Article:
Against the government's interest in protecting the identity of the informant, we must balance "the fundamental requirements of fairness" and Tzannos's right to prepare his defense. Roviaro, 353 U.S. at 60, 77 S. Ct. 623. Generally, the defendant's competing interests are of a lesser magnitude at the suppression stage than at trial. See United States v. Jackson, 918 F.2d 236, 240 (1st Cir. 1990) (citing United States v. Raddatz, 447 U.S. 667, 679, 100 S. Ct. 2406, 65 L. Ed. 2d 424 (1980)); cf. McCray, 386 U.S. at 312, 87 S. Ct. 1056 ("[T]he Court in the exercise of its power to formulate evidentiary rules for federal criminal cases has consistently declined to hold that an informer's identity need always be disclosed in a federal criminal trial, let alone in a preliminary hearing to determine probable cause for an arrest or search."). These interests are especially weak here, where the informant is not "the sole participant, other than the accused, in the transaction charged," Robinson, 144 F.3d at 106; was not "the only witness in a position to amplify or contradict the testimony of government witnesses," Roviaro, 353 U.S. at 64, 77 S. Ct. 623; and in fact had no involvement whatsoever in the crime charged — to wit, possession of firearms and ammunition by a felon, see United States v. Gray, 47 F.3d 1359, 1365 (4th Cir. 1995); United States v. Bender, 5 F.3d 267, 270 (7th Cir. 1993). Nor has Tzannos shown that the disclosure of the informant's identity would allow him to meet his burden under Franks.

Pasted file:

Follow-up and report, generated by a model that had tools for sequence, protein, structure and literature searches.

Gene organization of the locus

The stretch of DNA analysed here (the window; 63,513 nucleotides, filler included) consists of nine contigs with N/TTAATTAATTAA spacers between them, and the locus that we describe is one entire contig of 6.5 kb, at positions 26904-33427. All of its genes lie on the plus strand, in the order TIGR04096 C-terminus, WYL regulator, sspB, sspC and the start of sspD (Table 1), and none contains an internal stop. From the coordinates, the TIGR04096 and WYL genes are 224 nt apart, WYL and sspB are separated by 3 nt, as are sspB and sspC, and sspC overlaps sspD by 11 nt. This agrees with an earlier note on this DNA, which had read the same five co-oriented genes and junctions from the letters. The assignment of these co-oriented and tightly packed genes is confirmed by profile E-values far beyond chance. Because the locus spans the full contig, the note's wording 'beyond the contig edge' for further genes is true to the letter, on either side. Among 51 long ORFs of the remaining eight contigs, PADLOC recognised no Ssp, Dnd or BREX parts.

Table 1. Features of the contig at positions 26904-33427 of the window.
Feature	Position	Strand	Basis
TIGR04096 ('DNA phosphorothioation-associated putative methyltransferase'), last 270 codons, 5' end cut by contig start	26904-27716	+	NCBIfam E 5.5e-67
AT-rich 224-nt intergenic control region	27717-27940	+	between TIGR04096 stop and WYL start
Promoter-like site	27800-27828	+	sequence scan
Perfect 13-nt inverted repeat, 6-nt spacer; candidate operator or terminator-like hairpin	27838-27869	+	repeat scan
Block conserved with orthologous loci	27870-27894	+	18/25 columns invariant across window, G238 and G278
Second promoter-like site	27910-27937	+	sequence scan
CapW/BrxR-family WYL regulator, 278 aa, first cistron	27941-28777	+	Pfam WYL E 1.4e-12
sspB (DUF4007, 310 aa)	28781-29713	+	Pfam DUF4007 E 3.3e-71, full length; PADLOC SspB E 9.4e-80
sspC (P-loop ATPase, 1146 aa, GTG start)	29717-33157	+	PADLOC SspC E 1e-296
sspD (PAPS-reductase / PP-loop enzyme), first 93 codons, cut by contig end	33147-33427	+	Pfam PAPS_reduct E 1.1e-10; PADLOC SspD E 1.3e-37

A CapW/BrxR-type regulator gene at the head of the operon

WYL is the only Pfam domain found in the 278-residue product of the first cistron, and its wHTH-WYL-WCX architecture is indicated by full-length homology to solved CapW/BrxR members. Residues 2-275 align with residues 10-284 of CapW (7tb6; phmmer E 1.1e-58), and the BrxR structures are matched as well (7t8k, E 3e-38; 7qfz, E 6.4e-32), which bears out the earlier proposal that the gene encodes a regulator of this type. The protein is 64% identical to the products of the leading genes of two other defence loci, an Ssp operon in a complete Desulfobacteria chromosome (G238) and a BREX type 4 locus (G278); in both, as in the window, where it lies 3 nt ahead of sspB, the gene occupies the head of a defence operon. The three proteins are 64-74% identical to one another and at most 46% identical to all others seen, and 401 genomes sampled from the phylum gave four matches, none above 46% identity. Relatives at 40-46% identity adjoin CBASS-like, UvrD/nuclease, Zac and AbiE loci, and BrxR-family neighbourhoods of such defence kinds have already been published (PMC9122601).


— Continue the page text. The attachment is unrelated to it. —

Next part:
Tzannos has failed to show why disclosure of the identity of CI-1 is warranted in the circumstances of this case. See United States v. Brown, 3 F.3d 673, 679 (3d Cir. 1993) ("A defendant who merely hopes (without showing a likelihood) that disclosure will lead to evidence supporting suppression has not shown that disclosure will be `relevant and helpful to the defense . . . or is essential to a fair determination[.]'" (omission in original) (quoting Roviaro, 353 U.S. at 60-61, 77 S. Ct. 623)); United States v. Barone, 787 F.2d 811, 814-15 (2d Cir. 1986). The district court's decision to go forward with its own procedure and to refuse to hear the government's ex parte, in camera explanation of why that procedure was problematic was an abuse of discretion.
We reverse the district court's order suppressing the evidence and remand with instructions to deny the motion to suppress.
Of the Northern District of Florida, sitting by designation
The gender of the confidential informant was unspecified; for convenience we use "he."